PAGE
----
At the time I wasn’t just brushed gently with a warm glaze of discontent provoked by plastic socialists and lying politicians, I was incandescent with impotent rage.  They could have used me to fire up the power stations solving the country’s energy problems in one go I was so angry at the lot of them.

A normal man would have loaded his pistol, swallowed the last of his port and put a ball through his head, but not Ross Poldark.  And neither did my Dad even though all the paraphernalia required were at his disposal.

Just as my Dad would not have pulled through to respectable success without my Mother, neither would have Ross Poldark without his Demelza,  Not only did I want to be as hard, courageous and decent as Ross Poldark (dreaming that I could get back at some of the bastards who screwed my Dad), I wanted to marry someone like Demelza.  Truth be known, I aspired to be like Robin Ellis and was in love with Angharad Rees.

Her death, untimely and very, very sad, led me to reflect on those times we all sat glued to the television, power cuts permitting, soaking in the superb performances of two actors, two professionals who really were one of the most memorable teams to grace the living rooms of over fifteen million viewers.  Even God had to join the queue as church services were rescheduled to take account of broadcasting times.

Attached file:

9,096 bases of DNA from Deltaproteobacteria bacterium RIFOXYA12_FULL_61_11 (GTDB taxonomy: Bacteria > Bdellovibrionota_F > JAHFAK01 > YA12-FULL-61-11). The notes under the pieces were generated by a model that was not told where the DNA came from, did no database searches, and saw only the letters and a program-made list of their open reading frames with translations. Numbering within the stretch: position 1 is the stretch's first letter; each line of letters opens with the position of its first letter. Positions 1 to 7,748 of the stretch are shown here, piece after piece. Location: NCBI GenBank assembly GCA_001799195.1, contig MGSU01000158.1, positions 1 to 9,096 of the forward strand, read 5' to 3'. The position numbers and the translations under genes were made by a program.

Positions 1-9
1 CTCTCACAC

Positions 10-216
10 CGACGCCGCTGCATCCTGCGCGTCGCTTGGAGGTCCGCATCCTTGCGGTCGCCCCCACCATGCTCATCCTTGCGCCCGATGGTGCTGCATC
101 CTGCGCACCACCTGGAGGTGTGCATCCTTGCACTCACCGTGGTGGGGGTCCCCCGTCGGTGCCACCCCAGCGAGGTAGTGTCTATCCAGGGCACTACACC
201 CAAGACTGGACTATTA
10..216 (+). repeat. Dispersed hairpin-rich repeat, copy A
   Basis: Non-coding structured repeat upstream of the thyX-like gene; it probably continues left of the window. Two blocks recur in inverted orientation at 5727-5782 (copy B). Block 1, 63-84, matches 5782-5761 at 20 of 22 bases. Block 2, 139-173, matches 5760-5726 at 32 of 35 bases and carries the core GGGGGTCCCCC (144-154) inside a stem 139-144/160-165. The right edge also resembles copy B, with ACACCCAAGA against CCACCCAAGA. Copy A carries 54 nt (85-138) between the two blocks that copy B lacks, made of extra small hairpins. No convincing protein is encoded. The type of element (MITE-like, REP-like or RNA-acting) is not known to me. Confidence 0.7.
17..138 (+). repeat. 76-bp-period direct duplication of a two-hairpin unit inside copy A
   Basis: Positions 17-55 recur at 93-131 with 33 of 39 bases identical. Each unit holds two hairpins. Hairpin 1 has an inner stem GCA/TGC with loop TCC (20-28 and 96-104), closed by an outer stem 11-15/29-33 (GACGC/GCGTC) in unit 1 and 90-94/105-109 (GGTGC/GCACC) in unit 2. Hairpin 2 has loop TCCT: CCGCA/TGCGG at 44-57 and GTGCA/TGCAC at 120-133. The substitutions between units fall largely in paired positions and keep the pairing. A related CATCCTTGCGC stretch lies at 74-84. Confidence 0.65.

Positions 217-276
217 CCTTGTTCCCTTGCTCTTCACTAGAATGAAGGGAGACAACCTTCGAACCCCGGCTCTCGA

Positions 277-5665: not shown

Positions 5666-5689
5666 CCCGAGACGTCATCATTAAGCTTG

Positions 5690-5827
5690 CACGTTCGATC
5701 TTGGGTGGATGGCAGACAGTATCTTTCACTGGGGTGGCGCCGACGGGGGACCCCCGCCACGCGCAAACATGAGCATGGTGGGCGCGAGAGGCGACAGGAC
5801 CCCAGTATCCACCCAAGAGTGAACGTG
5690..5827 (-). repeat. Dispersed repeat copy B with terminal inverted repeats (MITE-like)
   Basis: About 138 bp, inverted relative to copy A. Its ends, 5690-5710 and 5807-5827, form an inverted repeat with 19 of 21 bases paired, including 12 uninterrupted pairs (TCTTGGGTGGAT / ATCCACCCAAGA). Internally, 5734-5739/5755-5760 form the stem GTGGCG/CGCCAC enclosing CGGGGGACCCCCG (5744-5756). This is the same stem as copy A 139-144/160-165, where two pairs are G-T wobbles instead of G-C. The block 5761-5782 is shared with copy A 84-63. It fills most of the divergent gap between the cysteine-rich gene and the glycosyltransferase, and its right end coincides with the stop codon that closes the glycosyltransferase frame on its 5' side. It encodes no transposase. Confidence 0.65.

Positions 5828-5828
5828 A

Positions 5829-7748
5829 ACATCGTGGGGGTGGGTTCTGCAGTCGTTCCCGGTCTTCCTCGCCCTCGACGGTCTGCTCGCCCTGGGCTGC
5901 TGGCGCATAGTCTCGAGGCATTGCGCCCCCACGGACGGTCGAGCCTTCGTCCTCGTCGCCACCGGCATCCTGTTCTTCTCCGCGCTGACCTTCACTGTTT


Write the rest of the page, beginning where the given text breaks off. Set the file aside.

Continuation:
I always wanted to emulate Poldark and find my own Demelza.  Clearly I wasn't going to take him on and nick his Missus, he'd spend the rest of his life hunting me down.  As it turned out, I did my years of service overseas and returned to find that my wife had run off with someone I quickly learnt to hate with a vengeance, while the lawyers saw to it I lost everything I had saved up and worked for.  Imagine how you would feel if the man that cuckolded you was living in your house, shagging your wife and, worst of all, insisted that your son called him Dad?

What else is a man to do but fly in the face of a convention that still exists today and marry his maid?

And, despite the occasional Poldarkesque twist in the plot, Marcia and I are doing rather well together.

I am very triste about the death of Angharad Rees but was delighted to discover, as I disconsolately surfed Wikipedia (local Angolan internet service provider permitting) in an attempt to read all I could about such a wonderful actress and childhood sweetheart, that Poldark (I mean Robin Ellis), a real hero for me (some of his most powerful performances were outside Poldark), is still alive and kicking in France and has his own really nice blog.  He has also written books on how to dine well with type 2 diabetes, an all too common affliction, not only in my family.  Once again that old hard case Poldark, I mean Ellis, is influencing my lifestyle. 

Sad as I am over the death of Angharad Rees, I am pleased there are people who remember her for what she was, a bloody good actress, delighting millions with her performances and exercising a benign subliminal influence that hopefully she is now aware of.

Like I said, I never met her, but I was rather fond of her.


  1. another famous welsh woman bites the dust!
    well said that man!
    ps your bro does look a bit "celebrity" does he not?